Monday, February 20, 2006

Oda's comments on copyright reform

See today's Globe & Mail article, in which the new Heritage Minister, Bev Oda, comments on copyright reform.

The article says:
As a veteran educator -- Oda spent six years teaching theatre arts and art to children in Mississauga, Ont. -- she also has some caveats about the last government's proposed copyright legislation. "Last session, our party stood up and said we'd like to look at digital access for learning materials. So we're still looking at copyright legislation overall." Those who had hoped for the new government to automatically push through the Liberals' bill should not hold their breath.

On June 29 2005 Bev Oda, as Heritage Critic, made the following comment which I think adds light to her quote in the G&M article:

"Ms. Bev Oda (Durham, CPC): Mr. Speaker, Canada has a world class Internet infrastructure in our schools but the heritage minister's new copyright legislation makes it restrictive, onerous and possibly more costly for schools, teachers and students to download on-line educational material.
This legislation will make routine classroom activities illegal. Why do the government and the minister want to make our students and teachers pay more for materials they are using now or make them criminals under a new copyright law?"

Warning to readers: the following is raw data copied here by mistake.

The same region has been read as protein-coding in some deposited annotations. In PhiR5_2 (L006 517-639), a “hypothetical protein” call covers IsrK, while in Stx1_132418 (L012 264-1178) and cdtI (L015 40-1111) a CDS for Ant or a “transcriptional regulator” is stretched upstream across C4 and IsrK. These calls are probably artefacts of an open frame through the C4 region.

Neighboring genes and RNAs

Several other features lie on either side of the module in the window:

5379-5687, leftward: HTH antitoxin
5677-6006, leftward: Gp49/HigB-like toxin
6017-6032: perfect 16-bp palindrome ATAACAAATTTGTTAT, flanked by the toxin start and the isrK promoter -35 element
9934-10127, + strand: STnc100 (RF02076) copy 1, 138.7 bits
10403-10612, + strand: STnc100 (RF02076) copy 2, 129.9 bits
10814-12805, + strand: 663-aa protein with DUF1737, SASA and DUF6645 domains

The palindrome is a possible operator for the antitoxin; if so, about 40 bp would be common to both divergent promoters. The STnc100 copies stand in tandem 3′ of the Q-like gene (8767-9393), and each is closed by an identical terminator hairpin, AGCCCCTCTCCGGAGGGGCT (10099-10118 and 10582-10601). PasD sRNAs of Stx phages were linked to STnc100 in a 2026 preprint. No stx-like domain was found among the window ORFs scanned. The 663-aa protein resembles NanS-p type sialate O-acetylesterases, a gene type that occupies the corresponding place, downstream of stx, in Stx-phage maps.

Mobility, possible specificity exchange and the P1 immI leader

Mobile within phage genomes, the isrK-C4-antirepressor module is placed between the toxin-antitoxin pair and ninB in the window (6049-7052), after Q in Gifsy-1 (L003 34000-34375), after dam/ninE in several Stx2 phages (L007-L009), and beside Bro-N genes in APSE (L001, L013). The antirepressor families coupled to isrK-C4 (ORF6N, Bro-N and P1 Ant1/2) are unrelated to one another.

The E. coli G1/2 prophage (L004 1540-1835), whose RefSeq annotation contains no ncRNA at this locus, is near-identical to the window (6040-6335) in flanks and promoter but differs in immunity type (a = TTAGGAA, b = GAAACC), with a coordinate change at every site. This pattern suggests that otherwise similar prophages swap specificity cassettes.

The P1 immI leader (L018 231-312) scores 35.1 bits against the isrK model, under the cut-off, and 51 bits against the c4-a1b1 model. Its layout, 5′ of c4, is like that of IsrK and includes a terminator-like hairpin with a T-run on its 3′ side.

Tuesday, February 14, 2006

Woah Sweden!

A new political party has been born in Sweden: The Pirate Party, which aims to abolish copyright and patent law:

The Guardian: Pirates pursue a political point

Wednesday, February 8, 2006

Fee for service?

Debates are underway on Capitol Hill about whether telecom companies who provide Internet service should be allowed to charge extra fees to internet companies to guarantee specific levels of service (today's Financial Times: Telecoms and internet groups clash on charges, p. 6).

Opponents to the fees say that telecoms will use the fees to hinder access to certain Internet services such as Voice-Over-IP services that compete with their own offerings - a claim the telecoms deny.

Opponents also say that these types of fees will make it more difficult for newer companies to reach an audience.

I know that I want an Internet on which it is as easy as possible to access all the little start-ups - not one where start-ups have to pay to reach me. And I don't want to pay extra to be able to reach certain services like VoIP. I want an Internet that allows me to access any service I want - I don't want to have to pay extra to access this one or that one.

A good article on this topic can be found on the BBC web site.

Monday, February 6, 2006

New ministers of Heritage and Industry

The main departments involved with copyright reform are Industry and Heritage.
Wikipedia is quick on the uptake with an article on Bev Oda, the new Conservative Heritage minister. She has a history in broadcasting, was once the commissioner of the CRTC, and has been the Heritage critic.

Maxime Bernier, the new Industry minister, is a lawyer, businessman, and member of the The Montreal Economic Institute.
Bernier supports the idea of a flat-tax instead of taxes tiered for income.